With intention, leaving with grace and dignity, and with your integrity intact is easier than you think. Well, maybe not easy. But, not difficult, either.
It happened on a Tuesday afternoon in June. I received an email from my boss to not leave for a road trip to Chicago, until after she and I had spoken. Odd request. We talked often and usually when one or the other—or both—were driving somewhere. She called when she could break away from the meeting she was attending at the corporate headquarters.
The news was not good. The five training managers positions for the field were being eliminated on January 1st. She tried to assure me that something would open that would work for me. Well, this truly sucks. Six months of waiting, wondering, and hoping. Also feeling anxious, desperate, and hurt. Asking questions like, How could they let us go? Our work is important to the people in the field. Who will get them the training they need? And yet… On January 1, there was no new role with the company, though many went to bat for me.
Sure, I had six months advanced notice. Of course, I brewed, stewed, and stressed like any normal mere mortal would. While having six months feels a bit luxurious, it really meant six months to brew, stew, and stress—which is not the best. Those six months were also some of the busiest months I’d experienced during my seven years working there. No time to get my resume updated or look for work elsewhere. Instead, the busy time kept me focused on the work and highly visible in the organization, at large. Never a bad thing!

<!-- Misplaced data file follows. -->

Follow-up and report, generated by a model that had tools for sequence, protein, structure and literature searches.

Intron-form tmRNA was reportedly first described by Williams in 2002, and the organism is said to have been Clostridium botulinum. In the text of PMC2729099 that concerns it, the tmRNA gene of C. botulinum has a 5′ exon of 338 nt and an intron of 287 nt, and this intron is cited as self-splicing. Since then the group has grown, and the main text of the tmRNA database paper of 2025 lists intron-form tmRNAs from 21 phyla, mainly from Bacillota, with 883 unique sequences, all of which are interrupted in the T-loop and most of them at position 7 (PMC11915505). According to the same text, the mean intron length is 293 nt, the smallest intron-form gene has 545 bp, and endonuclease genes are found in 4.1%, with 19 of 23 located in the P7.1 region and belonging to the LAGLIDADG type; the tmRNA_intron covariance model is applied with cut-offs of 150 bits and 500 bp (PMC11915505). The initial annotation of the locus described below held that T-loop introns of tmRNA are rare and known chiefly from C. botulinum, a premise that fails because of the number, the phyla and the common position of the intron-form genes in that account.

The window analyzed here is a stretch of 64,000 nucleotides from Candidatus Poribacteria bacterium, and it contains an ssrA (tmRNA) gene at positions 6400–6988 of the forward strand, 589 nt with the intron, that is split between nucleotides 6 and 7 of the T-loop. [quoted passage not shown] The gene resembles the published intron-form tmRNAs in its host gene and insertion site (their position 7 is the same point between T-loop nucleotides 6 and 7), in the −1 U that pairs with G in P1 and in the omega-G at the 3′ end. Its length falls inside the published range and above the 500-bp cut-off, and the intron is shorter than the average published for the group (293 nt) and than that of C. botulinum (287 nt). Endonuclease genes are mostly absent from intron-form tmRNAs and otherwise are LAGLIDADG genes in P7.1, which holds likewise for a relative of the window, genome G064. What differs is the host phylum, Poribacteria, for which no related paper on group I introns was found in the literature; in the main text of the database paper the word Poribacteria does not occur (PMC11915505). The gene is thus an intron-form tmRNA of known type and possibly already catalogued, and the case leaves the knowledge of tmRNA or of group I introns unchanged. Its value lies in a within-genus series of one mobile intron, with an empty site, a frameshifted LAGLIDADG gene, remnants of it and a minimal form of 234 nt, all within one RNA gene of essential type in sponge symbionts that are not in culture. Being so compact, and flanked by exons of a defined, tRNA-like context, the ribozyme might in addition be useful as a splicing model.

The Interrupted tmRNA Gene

During those six months of heavy work travel and high visibility is when I chose to continue to work with intention, grace, dignity, and integrity. Leadership gave me worthwhile projects to complete. My boss said that she trusted me to do what needed doing, without any hesitation in assigning the work to me. Well, okay then!
- Defined using the words, purpose and aim. Apply them when you get up every day and choose go to work. Just as you have been. Sure, it would be easy to use up that sick time and strand leaders or coworkers. Don’t do it. Adjust your mind and get back on track and go to work emotionally, too.
- Do the job they are still paying you for.
- Dress for success. Meaning, this is not the time to rebel against the dress code.
- Steer clear of situations where you could be drawn into gossip, bashing, and other types of conversations that won’t look good on you. Note: this means after work, too.
Grace and Dignity
- Pay attention to your tone, when speaking and crafting emails.
- Make and maintain eye contact, at all times.
- Volunteer for additional projects.
- Finish everything you can before you go.
- When the last days arrive, thank people. Thank as many as possible, including the leader(s) who chose to let you go.
- Smile, head up.
- Integrity is largely what you do when no one is looking. This is the time to truly “put your best foot forward”.
- For example: If you’re working late, be working not just banking hours.
- When clearing your work area and files, take with you only what you’re entitled to take.
Let’s take a moment for a gut check:
- What is your attitude toward the work and the organization right now?
- What will it take to change things up if you’re not here yet?
- How are you feeling about all of this, right now?
- Who are your work champions that you know are in your corner and can be counted on for the big things and the small?
- What steps are you willing to take to lead with intention, lead with intention?
- And, leave with grace, dignity, and integrity?
Hang in there. This is not the worst thing you’ll ever go through—I promise!
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